PUBLIC HEALTH
October 5, 2018

Self-Transcendence and the Path to Health

When we think of healthy behaviors in terms of those people and ideals we care about, it's easier to follow through with them.

Want some good health advice? Of course you don't. Adopting healthier lifestyle habits can be tough. You get bombarded with a lot of messages you know are true and good for you, but you really don’t want to hear them. Eat more vegetables! Get off the couch and get moving!

Hearing reminders about unhealthy behaviors you know you should change can make you defensive, and can actually prevent or delay your progress. But what if you focused on a bigger picture?

The positive feelings this kind of thinking brings up can make people open to following previously ignored and unwelcome health advice.

People were more likely to follow the advice they'd been given if they were focused on values and people beyond themselves — also known as self-transcendence — before receiving the public health messages, a new study finds.

“One of the things that gets in the way of people changing their behavior is defensiveness,” senior author, Emily Falk, said in a statement. For example, when people are reminded to park their car further away from their office to walk more, they often come up with reasons why this behavior is relevant for others, but not for them.

To counteract this defensive attitude, Falk and her team asked 220 sedentary adults, who were either overweight or obese, to complete one of two self-transcendence tasks. They compared the responses of the self-transcendence groups to those of a third control group.

The self-transcendence tasks got people thinking about values they felt were important or loved ones they cared about. They did so while undergoing magnetic resonance imaging, so researchers could see their brain function in real time.

The first self-transcendence group was asked to think about the people and things that mattered most to them. The second group was asked to make positive wishes for loved ones and for strangers. The control group was asked to think about their least important values.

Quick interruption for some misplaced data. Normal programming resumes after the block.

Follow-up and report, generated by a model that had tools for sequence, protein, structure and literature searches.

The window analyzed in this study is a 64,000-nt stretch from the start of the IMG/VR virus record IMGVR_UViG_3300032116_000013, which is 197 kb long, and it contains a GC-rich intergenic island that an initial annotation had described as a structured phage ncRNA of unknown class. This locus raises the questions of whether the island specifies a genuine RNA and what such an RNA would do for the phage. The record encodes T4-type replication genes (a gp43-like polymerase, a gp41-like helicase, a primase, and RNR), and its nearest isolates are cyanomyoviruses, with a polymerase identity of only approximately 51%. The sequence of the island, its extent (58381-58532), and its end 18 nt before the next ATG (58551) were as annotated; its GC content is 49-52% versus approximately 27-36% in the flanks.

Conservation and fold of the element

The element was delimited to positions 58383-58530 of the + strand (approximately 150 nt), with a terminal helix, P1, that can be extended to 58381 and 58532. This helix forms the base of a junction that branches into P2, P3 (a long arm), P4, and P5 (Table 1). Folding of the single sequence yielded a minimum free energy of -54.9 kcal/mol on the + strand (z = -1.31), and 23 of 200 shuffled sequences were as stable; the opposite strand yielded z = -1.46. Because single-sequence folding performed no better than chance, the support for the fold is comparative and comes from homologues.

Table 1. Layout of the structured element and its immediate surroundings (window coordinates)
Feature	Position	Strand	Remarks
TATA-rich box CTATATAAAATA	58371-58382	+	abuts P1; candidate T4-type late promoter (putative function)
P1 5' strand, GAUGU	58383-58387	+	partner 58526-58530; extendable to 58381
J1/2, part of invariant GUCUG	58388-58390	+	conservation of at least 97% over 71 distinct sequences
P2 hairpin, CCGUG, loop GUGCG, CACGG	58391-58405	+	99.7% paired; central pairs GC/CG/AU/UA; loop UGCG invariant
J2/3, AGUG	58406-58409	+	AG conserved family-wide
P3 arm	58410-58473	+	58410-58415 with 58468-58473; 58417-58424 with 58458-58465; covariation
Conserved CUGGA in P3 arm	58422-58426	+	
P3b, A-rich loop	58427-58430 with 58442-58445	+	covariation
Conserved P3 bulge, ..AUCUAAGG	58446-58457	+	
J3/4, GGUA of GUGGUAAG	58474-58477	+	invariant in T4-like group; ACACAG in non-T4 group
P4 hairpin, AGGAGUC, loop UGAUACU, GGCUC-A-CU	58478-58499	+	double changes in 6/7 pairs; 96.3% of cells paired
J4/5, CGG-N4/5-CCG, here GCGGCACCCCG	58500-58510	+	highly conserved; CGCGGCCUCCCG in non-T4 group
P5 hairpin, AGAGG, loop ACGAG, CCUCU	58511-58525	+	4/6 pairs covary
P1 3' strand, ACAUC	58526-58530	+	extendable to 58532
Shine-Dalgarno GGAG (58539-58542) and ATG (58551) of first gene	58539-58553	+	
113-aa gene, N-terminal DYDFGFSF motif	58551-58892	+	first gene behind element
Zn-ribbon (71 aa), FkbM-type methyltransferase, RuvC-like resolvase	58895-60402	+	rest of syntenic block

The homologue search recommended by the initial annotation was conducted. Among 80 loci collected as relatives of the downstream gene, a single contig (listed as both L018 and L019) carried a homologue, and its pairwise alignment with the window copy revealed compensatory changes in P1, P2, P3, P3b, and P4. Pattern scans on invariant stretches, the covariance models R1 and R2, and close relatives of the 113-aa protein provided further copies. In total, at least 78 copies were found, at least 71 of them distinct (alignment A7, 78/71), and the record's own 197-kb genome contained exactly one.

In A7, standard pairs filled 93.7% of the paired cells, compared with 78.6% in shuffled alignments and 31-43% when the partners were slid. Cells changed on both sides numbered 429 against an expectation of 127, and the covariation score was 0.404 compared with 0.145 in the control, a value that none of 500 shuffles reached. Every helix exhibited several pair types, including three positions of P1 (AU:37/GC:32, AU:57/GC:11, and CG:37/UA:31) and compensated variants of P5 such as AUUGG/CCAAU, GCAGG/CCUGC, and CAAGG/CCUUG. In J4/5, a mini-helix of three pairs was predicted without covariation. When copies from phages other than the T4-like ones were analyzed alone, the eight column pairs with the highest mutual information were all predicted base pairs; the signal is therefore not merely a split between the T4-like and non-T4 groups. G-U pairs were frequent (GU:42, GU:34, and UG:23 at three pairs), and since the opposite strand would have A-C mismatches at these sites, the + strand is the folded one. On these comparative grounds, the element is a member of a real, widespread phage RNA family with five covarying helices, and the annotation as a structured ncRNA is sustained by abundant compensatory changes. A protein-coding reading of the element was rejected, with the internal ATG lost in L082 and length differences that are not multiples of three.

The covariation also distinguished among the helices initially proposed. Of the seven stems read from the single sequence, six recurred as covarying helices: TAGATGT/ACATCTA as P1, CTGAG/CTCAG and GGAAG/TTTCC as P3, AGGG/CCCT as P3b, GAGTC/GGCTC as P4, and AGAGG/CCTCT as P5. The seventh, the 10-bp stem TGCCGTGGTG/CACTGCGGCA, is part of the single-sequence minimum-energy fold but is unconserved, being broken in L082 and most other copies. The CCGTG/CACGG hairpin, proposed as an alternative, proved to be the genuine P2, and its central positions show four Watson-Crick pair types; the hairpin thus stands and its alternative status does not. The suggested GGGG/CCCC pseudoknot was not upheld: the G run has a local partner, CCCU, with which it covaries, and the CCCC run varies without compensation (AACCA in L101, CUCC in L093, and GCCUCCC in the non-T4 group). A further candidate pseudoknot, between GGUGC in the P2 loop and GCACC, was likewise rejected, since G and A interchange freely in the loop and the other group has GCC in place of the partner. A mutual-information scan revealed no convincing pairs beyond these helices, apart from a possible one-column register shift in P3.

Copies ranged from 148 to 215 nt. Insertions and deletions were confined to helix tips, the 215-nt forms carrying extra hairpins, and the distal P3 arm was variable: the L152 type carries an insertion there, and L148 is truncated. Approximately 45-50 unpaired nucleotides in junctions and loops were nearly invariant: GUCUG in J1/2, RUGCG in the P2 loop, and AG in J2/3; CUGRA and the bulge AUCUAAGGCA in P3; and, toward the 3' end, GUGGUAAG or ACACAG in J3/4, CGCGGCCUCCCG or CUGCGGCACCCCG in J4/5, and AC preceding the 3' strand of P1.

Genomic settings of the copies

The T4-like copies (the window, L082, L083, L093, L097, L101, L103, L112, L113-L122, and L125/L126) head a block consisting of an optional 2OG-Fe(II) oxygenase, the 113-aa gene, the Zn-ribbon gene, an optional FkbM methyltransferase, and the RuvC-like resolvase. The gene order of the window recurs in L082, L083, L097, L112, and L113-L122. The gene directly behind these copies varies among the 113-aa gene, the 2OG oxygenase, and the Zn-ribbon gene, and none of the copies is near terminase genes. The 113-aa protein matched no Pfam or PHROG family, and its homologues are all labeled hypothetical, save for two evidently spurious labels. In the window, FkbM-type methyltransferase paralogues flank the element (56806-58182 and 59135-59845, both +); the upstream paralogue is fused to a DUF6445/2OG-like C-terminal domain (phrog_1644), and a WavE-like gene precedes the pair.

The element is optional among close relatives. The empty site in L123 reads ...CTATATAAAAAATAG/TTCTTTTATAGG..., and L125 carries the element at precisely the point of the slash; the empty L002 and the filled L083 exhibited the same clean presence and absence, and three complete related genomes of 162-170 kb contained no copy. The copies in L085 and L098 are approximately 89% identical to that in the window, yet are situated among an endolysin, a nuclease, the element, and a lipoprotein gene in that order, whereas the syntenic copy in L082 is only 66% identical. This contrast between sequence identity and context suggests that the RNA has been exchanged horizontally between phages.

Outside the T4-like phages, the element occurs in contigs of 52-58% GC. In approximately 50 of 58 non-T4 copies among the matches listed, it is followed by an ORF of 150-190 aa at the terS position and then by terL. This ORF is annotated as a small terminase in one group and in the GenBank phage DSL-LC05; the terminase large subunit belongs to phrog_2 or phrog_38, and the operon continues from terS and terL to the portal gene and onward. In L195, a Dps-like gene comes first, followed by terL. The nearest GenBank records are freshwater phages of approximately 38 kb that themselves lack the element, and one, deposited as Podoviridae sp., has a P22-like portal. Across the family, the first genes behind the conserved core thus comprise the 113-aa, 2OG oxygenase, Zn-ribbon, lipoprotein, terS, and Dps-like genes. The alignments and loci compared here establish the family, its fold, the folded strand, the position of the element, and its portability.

All study participants then viewed health messages that encouraged them to be more active or told them their behavior put them at risk. For example, “Being more active will strengthen your muscles. Stronger muscles will make it easier for you to get around and do the things you enjoy for longer.” Or, “The American Heart Association says sedentary people like you are at serious risk for heart disease. This means more pills and higher risk of sickness or death.”

Over the next month, participants received daily text messages that asked them to think either self-transcendent thoughts or neutral thoughts prior to viewing health messages. They also wore fitness trackers to monitor physical activity.

“The idea of self-transcendence, or caring for others beyond one’s own self interest, is a potentially powerful source of change.”

The researchers found participants who completed one of the two self-transcendence tasks were significantly more active during that month versus the control group. They also found those in the self-transcendence groups had more activity than those in the control group in the brain regions associated with reward and positive valuation.

Many people say focusing on the people and things they care about — self-transcendence — is rewarding in and of itself, Yoona Kang, lead author of the study, told TheDoctor. It makes us feel good, and the positive feelings this kind of thinking brings up can make people open to following previously ignored and unwelcome health advice.

People will do things for their loved ones they would probably never do for themselves. “The idea of self-transcendence, or caring for others beyond one’s own self interest, is a potentially powerful source of change,” she said.

Kang, a postdoctoral fellow at the Annenberg School of Communications at the University of Pennsylvania, and the researchers are developing an app that pairs self-transcendence messages with health messages and will deliver them to your phone every day. The app, called Live Active!, can be downloaded from the iTunes store.

The study is published in the Proceedings of the National Academy of Sciences (PNAS).

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